Stefan Esser (aka i0n1c) explains the working principle behind the exploit code used in his latest untethered jailbreak for iOS 7.1.1 via a recent post on SektionEins.de.
According to the post, the jailbreak uses a kernel bug that is hidden inside some app functionality and can be easily activated within the iOS application sandbox. It means the exploit code can be used to break out of any application that is being exploited.
Further elaborating on the jailbreak exploit's working principle, i0n1c had this to say:
This is very different from nearly all of the kernel vulnerabilities used in iOS jailbreaks since iOS 4. There have been only 2 publicly disclosed vulnerabilities that had this power. The first has been used in comex's JailbreakMe3 and the other one is the posix_spawn() vulnerability disclosed by SektionEins during SyScan 2013 and later used by the jailbreak community in the p0sixpwn jailbreak.
Potential initial injection vectors for the kernel exploit are:
- exploit against an internal app like MobileSafari
- exploit against any vulnerable app from the AppStore
- exploit from within a developer/enterprise app
i0n1c further explains that it is quite easy to implement this exploit as several Safari/webkit Vulnerabilities surface online every month, while AppStore apps link to older and vulnerable libraries that can be easily exploited.
In addition, the backup files from AppStore apps always remain on the system and can be re-exploited for future use. The hacker plans to show this exploit in action in the next few weeks.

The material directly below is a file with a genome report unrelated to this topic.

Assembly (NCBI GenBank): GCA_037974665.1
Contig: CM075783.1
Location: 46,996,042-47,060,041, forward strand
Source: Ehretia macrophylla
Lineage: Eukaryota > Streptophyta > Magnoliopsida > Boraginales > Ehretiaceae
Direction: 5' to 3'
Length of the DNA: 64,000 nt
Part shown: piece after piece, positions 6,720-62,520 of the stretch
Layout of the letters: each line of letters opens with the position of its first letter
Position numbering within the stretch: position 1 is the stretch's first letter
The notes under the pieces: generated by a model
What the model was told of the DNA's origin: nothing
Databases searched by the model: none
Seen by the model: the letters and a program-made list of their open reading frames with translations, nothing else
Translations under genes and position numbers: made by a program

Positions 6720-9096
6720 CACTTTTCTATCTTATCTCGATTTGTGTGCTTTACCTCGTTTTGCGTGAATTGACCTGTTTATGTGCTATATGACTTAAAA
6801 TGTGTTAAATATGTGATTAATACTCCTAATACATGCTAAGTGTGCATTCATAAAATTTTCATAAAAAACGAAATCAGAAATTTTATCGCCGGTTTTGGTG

i0n1c also reports that the jailbroken iOS 7.1.1 device enabled him to identify the stack-guard stack canary vulnerability which was publicly disclosed in April 2013 ( at SyScan 2013 security conference) is still unfixed in latest iOS as well as Mac OS X versions.
Here is the complete description of the bug and its working concept, as detailed by i0n1c:
The bug in question allows a local attacker to call a target executable in a way that he controls the value of the stack_guard stack canary that is used to stop stack buffer overflow vulnerabilities from being exploitable. This vulnerability therefore renders the stack canary mitigation in iOS useless against local attackers. For iOS this means that local attacks (persistence/untethering) that rely on stack buffer overflows are suddenly exploitable again or easier to exploit, because the attacker can control the value of the stack_guard.
The bug is caused by libc scanning through the apple strings that are passed by the kernel to an executable for the value of the stack_guard canary value.
For instance, an attacker could activate the execution of the binary through a symbolic link to control this canary, concludes i0n1c.
Here is the complete exploit code (see screenshot below) including the appledump code related to the Stack Canary vulnerability: